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Corpus Systématique Animale

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Accumulation of organic contaminants in two sediment-dwelling shellfish with contrasting feeding modes: Deposit- (Macomona liliana) and filter-feeding (Austrovenus stutchburyi)

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  • C. W. Hickey 1
  • D. S. Roper 1
  • P. T. Holland 2
  • T. M. Trower 2
  • 1) National Institute of Water and Atmosphere Research Ltd, NIWA, PO Box 11-115, Hamilton, New Zealand
  • 2) Horticulture and Food Research Institute of New Zealand, Ruakura Research Centre, Hamilton, New Zealand

Bioaccumulation of four classes of contaminants (organochlorine pesticides, polychlorinated biphenyls (PCB), polynuclear aromatic hydrocarbons (PAH), and chlorophenols) was determined in two sediment-dwelling bivalves, the tellinid Macomona liliana and the venerid Austrovenus stutchburyi at five stations along a contaminant gradient in Manukau Harbour, New Zealand. The species were chosen because they provide contrasting exposure pathways for contaminant uptake: A. stutchburyi is a filter-feeder and M. liliana is a deposit-feeder. They are also important components of the estuarine ecosystem, and A. stutchburyi are used for food. Both shellfish showed marked gradients of contaminant concentrations from the inner-harbour to the entrance. Concentrations of contaminants were similar in the two species, with generally slightly higher PCB and PAH levels in M. liliana. On a dry tissue weight basis, the PAHs were the major contaminant class, with the highest concentration measured (203 ng/g DW). Mean bioaccumulation factors (BAF) were similar for the two species, with mean values in the range 20–30 for most contaminants with the exception of PAHs, which were less than 1. Mean accumulation factor (AF) values, the lipid normalized concentration in organisms divided by the organic carbon normalized sediment concentration, were mostly in the range 1–4, except for PAHs, which were 0.002 and 0.14. M. liliana showed significantly higher accumulation ratios than A. stutchburyi. The abundance and condition of M. liliana was reduced at the more contaminated sites. These results suggest that M. liliana are sensitive indicators of contaminant stress and may be usefully incorporated into chemical contaminant and biological effects monitoring programs.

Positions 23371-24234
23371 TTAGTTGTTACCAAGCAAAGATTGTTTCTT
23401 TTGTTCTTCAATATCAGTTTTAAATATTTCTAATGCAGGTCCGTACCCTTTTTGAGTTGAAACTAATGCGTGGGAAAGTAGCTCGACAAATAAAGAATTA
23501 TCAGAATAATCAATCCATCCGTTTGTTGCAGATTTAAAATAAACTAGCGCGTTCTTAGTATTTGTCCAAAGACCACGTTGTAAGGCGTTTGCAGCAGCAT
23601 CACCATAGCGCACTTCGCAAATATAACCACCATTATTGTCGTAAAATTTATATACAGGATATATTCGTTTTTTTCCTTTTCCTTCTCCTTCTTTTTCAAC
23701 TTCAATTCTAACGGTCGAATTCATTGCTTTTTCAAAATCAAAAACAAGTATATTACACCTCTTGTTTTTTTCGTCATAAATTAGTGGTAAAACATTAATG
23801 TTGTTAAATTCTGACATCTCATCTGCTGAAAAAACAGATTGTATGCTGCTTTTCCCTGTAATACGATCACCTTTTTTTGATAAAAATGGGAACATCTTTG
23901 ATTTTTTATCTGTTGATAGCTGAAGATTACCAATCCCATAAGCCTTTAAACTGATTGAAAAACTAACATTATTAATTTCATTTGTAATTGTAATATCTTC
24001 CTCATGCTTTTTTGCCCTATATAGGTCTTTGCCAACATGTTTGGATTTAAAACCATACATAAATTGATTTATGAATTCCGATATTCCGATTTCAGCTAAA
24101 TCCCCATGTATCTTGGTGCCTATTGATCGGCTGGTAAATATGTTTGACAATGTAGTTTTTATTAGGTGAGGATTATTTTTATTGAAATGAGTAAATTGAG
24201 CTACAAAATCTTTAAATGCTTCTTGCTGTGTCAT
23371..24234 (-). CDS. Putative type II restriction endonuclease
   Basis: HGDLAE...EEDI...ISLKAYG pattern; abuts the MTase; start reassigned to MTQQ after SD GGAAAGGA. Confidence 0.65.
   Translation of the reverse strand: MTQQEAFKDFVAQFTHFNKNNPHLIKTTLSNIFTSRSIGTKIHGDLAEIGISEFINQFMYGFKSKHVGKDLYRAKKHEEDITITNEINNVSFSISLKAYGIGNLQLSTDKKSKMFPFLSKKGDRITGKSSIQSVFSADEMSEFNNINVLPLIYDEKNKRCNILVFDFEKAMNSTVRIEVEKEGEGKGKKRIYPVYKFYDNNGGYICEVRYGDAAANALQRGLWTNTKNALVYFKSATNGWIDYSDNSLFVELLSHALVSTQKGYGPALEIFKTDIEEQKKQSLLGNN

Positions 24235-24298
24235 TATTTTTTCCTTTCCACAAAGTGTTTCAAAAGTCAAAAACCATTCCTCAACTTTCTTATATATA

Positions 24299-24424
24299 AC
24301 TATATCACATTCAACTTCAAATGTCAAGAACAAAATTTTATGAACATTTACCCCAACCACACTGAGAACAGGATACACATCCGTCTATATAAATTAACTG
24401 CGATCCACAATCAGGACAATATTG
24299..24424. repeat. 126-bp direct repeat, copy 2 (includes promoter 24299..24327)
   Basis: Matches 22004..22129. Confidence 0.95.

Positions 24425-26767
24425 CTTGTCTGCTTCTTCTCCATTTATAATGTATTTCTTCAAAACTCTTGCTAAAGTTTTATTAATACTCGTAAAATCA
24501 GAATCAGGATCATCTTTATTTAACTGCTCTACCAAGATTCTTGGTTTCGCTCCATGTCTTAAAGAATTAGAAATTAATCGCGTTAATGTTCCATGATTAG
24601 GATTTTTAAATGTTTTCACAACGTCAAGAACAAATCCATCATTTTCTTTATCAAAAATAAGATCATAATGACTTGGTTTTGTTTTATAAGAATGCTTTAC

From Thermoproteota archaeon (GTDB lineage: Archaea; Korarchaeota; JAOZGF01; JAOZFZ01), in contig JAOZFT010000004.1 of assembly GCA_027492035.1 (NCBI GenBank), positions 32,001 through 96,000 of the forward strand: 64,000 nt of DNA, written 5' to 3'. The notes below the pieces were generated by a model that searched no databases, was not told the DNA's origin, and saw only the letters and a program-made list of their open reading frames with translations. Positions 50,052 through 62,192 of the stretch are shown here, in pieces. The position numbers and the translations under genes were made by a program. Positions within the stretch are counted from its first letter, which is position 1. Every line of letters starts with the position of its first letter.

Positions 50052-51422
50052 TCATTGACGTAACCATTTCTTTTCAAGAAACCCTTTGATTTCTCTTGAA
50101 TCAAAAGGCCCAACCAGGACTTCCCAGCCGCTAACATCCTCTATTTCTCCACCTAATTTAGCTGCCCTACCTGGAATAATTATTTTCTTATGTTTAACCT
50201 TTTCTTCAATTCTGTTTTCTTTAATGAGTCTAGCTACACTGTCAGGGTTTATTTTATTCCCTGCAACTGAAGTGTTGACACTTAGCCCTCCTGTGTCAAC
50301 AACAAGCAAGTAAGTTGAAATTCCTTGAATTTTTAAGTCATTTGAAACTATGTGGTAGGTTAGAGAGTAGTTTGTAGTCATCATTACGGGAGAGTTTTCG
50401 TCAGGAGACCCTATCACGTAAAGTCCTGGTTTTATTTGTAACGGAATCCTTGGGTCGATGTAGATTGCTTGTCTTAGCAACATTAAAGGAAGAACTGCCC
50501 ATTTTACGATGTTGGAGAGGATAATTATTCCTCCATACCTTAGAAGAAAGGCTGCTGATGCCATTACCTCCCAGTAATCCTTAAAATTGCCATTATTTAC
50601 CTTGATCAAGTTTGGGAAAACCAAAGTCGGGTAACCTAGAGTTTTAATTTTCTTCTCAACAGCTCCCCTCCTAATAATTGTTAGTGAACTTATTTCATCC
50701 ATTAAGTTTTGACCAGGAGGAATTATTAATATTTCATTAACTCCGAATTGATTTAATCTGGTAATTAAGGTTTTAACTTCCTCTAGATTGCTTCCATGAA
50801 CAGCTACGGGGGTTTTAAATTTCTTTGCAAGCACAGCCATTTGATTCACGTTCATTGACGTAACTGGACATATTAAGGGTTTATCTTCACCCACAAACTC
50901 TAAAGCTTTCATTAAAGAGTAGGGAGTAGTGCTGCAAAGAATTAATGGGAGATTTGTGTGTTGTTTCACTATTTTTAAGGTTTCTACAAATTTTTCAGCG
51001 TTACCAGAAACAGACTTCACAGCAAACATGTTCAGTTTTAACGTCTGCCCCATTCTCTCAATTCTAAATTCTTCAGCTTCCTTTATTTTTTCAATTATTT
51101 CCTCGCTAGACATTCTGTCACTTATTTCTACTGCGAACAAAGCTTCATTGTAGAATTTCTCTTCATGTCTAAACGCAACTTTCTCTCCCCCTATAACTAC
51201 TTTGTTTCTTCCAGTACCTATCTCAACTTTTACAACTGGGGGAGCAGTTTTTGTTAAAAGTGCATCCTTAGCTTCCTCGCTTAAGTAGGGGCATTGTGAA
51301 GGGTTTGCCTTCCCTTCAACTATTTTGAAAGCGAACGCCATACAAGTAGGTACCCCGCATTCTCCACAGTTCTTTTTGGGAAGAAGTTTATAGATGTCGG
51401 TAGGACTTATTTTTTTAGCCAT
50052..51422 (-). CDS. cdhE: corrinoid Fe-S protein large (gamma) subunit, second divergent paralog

Catégories Science-Metrix
  • 1 - health sciences
  • 2 - biomedical research
  • 3 - toxicology
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  • 1 - sciences appliquees, technologies et medecines
  • 2 - sciences biologiques et medicales
  • 3 - sciences biologiques fondamentales et appliquees. psychologie
Catégories Scopus
  • 1 - Physical Sciences ; 2 - Environmental Science ; 3 - Health, Toxicology and Mutagenesis
  • 1 - Physical Sciences ; 2 - Environmental Science ; 3 - Pollution
  • 1 - Life Sciences ; 2 - Pharmacology, Toxicology and Pharmaceutics ; 3 - Toxicology
  • 1 - Health Sciences ; 2 - Medicine ; 3 - General Medicine
Catégories WoS
  • 1 - science ; 2 - toxicology
  • 1 - science ; 2 - environmental sciences
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Archives of Environmental Contamination and Toxicology

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